Design is always cyclical. Styles are revived in new ways. Midcentury modern design has not been the only one to experience a resurgence. But it is undoubtedly the most durable. Organic shapes, clean lines, less-is-more, and a high level of functionality characterize the modernist design. Think about Florence Knoll and Arne Jackson, who are all examples. The modernist aesthetic was popularized in the 1940s. Despite a second wave of interest in the 1990s, it has remained mainstream.
Designers have been debating the relevance of midcentury style for decades. Many designers believe we should eliminate midcentury design if we don’t make it ours. Others, however, are convinced by its timeless appeal. Piotr Paradowski is the head designer of Paradowski Studio. He says that midcentury modern design is not a style but an era. While it began in the second half 20th century, the type is still relevant to our modern world.
Regardless of your opinion, the midcentury aesthetic is a design trend that has influenced the world in countless ways. It’s a style and function we can all take inspiration from. To inspire you, we’ve gathered our favorite midcentury modern living rooms from ELLE DECOR’s pages. Here are 48 mid-century living rooms that will take you back to the past. You won’t be able to wait to return.
The living room in the Goldwyn House in Los Angeles, now home to the Future Perfect Gallery, is draped in velvet with a jewel-toned lounge. A handwoven rattan pendant by Chris Wolston is the focal point. This scheme easily mixes eras, but the clean lines and dark stained wood feel distinctly midcentury.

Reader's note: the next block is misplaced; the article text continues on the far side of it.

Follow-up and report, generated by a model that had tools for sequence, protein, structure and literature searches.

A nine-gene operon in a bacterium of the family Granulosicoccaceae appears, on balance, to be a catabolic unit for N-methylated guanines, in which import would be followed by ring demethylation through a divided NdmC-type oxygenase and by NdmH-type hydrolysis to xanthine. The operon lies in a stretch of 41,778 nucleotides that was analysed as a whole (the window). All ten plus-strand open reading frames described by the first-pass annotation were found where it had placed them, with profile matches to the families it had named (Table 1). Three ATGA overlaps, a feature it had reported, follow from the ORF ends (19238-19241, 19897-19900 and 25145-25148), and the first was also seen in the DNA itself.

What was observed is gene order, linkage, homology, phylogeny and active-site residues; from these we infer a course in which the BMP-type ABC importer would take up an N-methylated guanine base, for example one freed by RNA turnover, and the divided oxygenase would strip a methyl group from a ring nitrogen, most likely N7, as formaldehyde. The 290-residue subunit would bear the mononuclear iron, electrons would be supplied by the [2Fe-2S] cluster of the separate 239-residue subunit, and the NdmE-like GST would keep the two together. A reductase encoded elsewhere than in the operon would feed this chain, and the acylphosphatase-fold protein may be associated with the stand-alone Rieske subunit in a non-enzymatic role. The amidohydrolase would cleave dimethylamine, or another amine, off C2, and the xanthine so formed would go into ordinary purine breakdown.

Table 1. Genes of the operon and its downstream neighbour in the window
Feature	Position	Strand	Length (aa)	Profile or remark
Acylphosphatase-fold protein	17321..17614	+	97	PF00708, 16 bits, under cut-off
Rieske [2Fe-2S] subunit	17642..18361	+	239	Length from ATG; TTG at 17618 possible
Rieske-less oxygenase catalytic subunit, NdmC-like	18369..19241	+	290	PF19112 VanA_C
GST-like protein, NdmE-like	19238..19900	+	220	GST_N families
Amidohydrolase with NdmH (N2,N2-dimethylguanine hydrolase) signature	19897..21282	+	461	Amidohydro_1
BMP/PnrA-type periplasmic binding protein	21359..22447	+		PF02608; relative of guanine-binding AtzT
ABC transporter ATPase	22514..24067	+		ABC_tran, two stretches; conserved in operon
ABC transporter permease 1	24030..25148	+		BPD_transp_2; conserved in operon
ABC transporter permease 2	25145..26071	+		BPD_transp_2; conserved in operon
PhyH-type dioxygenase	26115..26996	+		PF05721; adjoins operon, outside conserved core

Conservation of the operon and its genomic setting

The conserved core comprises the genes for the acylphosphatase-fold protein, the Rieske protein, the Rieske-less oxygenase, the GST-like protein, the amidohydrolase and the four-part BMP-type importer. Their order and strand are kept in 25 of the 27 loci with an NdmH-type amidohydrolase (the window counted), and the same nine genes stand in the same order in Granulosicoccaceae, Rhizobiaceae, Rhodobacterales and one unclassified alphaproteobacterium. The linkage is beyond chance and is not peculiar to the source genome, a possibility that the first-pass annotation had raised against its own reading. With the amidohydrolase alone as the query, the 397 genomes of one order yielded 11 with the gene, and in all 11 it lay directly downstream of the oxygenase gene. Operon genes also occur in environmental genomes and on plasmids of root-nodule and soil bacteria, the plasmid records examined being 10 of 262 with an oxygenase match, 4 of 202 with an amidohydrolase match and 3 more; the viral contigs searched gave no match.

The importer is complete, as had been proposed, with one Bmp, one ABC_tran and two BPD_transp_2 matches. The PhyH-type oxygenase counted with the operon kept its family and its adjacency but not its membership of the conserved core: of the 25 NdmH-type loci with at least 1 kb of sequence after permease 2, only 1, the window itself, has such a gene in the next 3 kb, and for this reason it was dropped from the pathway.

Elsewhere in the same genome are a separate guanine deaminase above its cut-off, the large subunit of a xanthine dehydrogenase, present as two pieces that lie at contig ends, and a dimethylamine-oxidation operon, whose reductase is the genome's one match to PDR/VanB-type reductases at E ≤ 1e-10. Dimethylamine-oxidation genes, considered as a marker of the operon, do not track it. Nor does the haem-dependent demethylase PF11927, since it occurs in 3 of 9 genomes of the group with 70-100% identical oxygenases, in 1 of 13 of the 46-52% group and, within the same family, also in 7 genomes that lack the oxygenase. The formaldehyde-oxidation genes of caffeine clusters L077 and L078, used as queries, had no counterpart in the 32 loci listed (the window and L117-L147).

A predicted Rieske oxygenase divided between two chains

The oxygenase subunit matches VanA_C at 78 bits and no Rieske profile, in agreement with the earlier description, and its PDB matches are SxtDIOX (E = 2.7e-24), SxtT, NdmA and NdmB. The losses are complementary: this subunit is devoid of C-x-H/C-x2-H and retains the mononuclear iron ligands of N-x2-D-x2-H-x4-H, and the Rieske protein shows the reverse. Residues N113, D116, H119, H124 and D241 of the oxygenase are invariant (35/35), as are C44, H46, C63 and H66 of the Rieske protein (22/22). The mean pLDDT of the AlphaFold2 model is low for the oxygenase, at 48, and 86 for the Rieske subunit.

This calming New York Apartment features subtle nods toward the vintage look. Lighting fixtures and seating arrangements punctuate this space with organic and geometric shapes. The parquet flooring and warm ivory (Baby Fawn Benjamin Moore) soften the space. Augusta Hoffman says that, in a small area, the designer puts form above function. She told ELLE DECO, “Every single surface must be usable, and every chair must be extremely comfortable.”
HUES OF HARMONIOUS CONCERT
This early Frank Gehry home is an excellent example of harmonious contrast. Gehry’s minimalist style, neutral palette, and rounded shapes work well with his signature Deconstructivist aesthetic. Consider the living room with its Mario Bellini Mohair sofa, an icon of 1970s style, the Scandinavian handwoven wool rug that balances out the concrete flooring, and the concrete fireplace complemented by a woodgrain pattern.
This seating area is decorated with various vintage items, including a 1955 Pierre Jeanneret chair that reflects the modernist style. It also features lively additions, such as Robert Loughlin’s painting featuring his iconic, squared-chinned, smoking-cigarette figure, which he called “the brute.”
TRUE TO FORMAT